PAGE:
Matricaria recutita L. (Asteraceae) Synonym(s) and related species ChamomiUa, Hungarian chamomile, Matricaria flower, Scented mayweed, Single chamomile, Sweet false chamomile, Wild chamomile. ChamomiUa recutita (L.) Rauschert, ChamomiUa vulgaris SF Gray, Matricaria chamomilla L. Pharmacopoeias Chamomile (The United States Ph 32). Constituents The flowerheads of German chamomile contain essential oil composed mainly of (-)-alpha-bisabolol. Sesquiterpenes and proazulenes (e.g. matricarin and matricin) are also present. Chamazulene (1 to 15%), another volatile oil found in chamomile, is formed from matricin during steam distillation of the oil. Other constituents present in chamomile include flavonoids (apigenin, luteolin, quercetin, rutin), and the natural coumarins umbelliferone and its methyl ether, heniarin. Use and indications German chamomile is used for dyspepsia, flatulence and travel sickness, especially when the gastrointestinal disturbance is associated with nervous disorders. It is also used for nasal catarrh and restlessness. German chamomile is widely used in babies and children as a mild sedative, and to treat colic and teething pain. It has been used topically for haemorrhoids, mastitis and Read more […]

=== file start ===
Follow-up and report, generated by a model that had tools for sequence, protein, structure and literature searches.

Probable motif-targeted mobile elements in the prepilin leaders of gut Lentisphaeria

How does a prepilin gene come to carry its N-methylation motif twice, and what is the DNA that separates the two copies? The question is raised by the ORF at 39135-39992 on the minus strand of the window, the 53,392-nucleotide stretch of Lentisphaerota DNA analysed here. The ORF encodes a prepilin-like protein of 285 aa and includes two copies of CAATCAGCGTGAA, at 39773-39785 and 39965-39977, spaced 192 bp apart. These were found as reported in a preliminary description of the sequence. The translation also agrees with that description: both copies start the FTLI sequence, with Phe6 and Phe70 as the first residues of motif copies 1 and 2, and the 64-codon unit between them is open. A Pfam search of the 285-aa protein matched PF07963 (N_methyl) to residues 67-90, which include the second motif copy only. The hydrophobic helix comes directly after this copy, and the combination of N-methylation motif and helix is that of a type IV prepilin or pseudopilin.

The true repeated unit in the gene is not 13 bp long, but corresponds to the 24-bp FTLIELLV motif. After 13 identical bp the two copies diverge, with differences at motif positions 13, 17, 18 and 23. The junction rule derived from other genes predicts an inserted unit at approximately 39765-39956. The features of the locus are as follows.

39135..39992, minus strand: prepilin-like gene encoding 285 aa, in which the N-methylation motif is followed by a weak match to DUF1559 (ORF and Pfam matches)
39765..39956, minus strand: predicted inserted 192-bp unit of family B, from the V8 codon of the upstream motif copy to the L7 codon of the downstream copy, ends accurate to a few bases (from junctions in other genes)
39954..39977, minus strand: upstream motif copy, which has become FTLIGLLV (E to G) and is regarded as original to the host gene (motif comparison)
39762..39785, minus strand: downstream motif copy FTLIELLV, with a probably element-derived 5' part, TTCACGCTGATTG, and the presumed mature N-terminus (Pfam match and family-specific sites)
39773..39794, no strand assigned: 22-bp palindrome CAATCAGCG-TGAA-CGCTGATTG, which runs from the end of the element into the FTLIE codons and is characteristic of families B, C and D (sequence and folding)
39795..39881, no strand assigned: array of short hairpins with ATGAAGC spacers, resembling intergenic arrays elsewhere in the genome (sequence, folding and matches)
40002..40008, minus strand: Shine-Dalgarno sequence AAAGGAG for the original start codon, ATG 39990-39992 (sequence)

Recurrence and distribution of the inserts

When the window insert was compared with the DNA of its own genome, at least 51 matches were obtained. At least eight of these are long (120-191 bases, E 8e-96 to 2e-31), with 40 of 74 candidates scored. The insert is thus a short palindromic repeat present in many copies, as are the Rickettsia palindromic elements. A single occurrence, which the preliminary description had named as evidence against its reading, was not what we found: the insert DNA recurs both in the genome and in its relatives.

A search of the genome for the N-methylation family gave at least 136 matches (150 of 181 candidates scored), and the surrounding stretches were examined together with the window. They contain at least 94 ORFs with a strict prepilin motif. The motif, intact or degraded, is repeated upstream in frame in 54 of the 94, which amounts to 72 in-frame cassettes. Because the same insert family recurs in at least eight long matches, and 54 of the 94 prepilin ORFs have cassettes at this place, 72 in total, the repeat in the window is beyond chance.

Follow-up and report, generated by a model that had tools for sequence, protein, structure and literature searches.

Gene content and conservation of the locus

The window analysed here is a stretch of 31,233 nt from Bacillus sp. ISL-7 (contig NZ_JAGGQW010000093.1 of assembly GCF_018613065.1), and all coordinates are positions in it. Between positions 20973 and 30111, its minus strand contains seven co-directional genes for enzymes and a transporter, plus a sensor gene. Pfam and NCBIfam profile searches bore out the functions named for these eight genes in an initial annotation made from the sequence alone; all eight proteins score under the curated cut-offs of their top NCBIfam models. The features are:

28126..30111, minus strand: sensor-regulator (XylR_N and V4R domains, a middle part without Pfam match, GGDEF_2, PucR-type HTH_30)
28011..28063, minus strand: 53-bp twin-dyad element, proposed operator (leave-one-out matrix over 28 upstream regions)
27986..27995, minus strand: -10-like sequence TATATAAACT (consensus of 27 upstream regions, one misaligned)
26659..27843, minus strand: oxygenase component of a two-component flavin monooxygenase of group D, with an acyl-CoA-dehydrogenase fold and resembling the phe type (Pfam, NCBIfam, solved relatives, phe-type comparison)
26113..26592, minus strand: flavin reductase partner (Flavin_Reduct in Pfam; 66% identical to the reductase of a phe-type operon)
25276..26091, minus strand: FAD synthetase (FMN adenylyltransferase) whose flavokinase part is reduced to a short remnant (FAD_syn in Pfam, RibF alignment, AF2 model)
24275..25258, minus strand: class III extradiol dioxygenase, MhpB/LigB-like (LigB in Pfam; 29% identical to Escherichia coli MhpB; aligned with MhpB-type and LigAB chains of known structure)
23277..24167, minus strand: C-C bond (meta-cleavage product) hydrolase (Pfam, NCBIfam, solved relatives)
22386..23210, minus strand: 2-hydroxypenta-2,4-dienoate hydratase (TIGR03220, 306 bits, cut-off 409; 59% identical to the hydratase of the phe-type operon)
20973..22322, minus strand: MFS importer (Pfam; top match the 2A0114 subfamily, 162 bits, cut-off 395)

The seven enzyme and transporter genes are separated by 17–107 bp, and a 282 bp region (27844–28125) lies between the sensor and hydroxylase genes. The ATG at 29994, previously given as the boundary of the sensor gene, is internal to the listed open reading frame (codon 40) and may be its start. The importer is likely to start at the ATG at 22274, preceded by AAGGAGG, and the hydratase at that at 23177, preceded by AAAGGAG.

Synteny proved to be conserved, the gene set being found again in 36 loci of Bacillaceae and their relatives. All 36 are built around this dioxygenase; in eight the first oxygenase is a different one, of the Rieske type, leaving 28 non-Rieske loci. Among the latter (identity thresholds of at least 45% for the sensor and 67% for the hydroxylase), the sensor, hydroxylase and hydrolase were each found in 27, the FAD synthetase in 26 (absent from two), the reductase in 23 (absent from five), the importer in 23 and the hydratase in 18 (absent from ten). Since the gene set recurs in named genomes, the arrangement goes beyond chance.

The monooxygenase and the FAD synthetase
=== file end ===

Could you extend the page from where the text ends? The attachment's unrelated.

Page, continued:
Herb-Drug Interactions: Cranberry